Will the Singularity happen? I’m currently reading an international spy techno-thriller pot-boiler whose premise centers around the creation of Artificial General Intelligence (AGI), just asTerminator: Dark Fate is raking in big bucks in theaters. Scary futures are big entertainment business. It’s a perfect time for a provocative question like the one Fandango asks today:

Do you think the singularity will occur? If so, what time frame do you think it will happen in and how will it impact humanity? Alternatively, do you think or care at all about the potential for reaching singularity?

The short answer is: World-threatening technology is perpetually created by humans. Humans then create an alternative to pull civilization back from the brink. Lather. Rinse. Repeat.

My autocorrect: “You didn’t type candy corn, you typed child porn….” Your IP address has been forwarded to local law enforcement.
Continue reading “The Singularity Always Happens”

We Don’t Remember the Future Imperfect

Author’s Note: I apologize, in advance, for mangling Spanish, misinterpreting quantum physics, and injecting so many puns into this essay.

Time is perfect. We are imperfect. We remember only the past. We don’t remember the future.

The past is always tense, the future perfect.

Zadie Smith

This quote from English novelist Zadie Smith is today’s provocative question (muchas gracias, Fandango). It suggests we remember the negatives and hope for the positives. The future hasn’t occurred, so it can be what our imagination creates. This is also a play on grammar, which is a subject much on my mind these days as I am attempting to learn Spanish. So, for me, the tense is confusing. The present might be more like the collapse of a wave, given that the arrow only goes one direction. But the Multiverses suggest that the arrows might go several directions, if we could but see them, and that would make the future perfect. Let me explain what I mean.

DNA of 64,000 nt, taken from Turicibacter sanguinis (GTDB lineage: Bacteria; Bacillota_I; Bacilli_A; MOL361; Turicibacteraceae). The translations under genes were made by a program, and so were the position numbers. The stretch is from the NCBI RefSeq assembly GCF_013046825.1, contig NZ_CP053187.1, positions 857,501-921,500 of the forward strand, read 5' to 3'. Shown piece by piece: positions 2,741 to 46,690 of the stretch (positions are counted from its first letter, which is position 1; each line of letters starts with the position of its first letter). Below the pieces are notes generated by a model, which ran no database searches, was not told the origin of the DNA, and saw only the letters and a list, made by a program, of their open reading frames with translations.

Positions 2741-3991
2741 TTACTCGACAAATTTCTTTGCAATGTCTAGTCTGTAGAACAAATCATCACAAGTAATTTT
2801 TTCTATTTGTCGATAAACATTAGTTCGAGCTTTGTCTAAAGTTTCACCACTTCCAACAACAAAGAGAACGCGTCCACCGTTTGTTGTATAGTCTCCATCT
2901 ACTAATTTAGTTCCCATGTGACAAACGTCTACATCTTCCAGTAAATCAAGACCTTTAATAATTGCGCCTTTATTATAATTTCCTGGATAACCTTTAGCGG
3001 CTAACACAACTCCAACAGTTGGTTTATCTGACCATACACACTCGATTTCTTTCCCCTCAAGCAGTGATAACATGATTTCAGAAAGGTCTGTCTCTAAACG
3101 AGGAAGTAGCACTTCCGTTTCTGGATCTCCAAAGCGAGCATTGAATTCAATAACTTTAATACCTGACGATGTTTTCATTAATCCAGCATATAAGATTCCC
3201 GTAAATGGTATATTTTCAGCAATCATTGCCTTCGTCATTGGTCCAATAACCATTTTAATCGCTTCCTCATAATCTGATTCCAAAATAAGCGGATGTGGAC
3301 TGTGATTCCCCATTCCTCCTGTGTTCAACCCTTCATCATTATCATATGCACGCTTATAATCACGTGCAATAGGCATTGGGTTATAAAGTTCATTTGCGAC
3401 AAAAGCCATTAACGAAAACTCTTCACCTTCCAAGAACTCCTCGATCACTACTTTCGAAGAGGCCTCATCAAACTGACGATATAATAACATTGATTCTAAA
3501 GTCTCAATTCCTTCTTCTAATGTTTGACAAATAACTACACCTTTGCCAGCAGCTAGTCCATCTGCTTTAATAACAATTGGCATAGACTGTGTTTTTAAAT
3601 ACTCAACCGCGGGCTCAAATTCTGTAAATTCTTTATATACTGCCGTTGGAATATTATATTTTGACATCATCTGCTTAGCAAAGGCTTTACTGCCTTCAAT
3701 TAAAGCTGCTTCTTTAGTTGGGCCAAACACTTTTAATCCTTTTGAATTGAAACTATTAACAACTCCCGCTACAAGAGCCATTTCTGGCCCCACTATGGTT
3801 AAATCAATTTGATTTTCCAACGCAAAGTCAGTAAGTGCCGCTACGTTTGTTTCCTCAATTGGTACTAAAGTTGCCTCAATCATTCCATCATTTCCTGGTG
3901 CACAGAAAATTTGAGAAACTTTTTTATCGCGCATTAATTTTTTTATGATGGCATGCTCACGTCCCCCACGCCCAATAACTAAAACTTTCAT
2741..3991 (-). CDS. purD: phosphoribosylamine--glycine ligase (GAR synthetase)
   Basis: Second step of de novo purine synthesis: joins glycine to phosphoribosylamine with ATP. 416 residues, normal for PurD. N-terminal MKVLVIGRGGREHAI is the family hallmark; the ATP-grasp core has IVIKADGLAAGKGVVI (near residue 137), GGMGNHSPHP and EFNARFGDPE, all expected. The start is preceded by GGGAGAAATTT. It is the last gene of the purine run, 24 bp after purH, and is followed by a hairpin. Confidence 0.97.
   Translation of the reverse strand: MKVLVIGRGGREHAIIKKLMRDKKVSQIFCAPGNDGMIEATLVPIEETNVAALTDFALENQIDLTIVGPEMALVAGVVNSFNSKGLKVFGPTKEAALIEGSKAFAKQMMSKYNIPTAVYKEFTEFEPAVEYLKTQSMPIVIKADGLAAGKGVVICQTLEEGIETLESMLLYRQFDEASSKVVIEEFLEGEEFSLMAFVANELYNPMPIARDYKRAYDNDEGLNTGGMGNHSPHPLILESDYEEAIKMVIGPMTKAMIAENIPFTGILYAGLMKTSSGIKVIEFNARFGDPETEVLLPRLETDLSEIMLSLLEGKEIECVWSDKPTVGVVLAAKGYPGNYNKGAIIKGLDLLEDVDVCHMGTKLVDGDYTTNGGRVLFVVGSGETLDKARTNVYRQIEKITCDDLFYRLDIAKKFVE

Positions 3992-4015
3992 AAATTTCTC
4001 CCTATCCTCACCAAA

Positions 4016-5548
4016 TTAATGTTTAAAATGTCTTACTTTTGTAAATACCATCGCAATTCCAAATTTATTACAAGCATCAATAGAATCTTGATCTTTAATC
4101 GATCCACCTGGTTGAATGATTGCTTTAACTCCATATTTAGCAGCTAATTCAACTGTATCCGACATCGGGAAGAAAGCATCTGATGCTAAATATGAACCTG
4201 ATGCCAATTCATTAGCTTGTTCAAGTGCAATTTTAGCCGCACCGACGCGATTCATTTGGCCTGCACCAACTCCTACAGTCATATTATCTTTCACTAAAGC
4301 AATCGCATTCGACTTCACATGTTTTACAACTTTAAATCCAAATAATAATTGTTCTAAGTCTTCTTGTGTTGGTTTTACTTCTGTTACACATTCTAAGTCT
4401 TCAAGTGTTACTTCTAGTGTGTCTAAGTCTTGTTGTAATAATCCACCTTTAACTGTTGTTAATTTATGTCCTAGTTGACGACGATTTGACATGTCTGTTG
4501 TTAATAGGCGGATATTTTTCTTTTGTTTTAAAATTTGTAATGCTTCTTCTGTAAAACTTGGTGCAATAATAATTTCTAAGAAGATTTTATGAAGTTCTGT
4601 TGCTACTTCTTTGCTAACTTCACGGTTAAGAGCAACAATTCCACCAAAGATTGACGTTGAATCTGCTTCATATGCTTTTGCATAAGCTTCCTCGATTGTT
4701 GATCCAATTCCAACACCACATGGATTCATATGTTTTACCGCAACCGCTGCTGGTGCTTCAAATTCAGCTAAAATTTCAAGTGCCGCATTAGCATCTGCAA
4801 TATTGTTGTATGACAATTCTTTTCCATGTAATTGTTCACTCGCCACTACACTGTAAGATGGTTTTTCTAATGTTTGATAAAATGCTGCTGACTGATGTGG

One view of the Multi-verse, photo of Into the Spider-verse by Sony Pictures

Tenses Are Difficult. Futures Are Also Difficult.

The use of the word Tense, in the sense of verbs and grammar, comes from the Old French word for time which was tens. That’s not to be confused with the current French word for time, temps; language has changed. Language, like time, moves forward (and collapses). The word does not refer to “tense” as in stretchiness, which comes from the Latin tendere. This is why Zadie Smith’s quote is a looping play on words, since it mixes emotions and grammatical expressions, and either deliberately or innocently uses them wrongly. Tense does not mean tension. It is a homophone. Which is intense. And perhaps what she intended.

Continue reading “We Don’t Remember the Future Imperfect”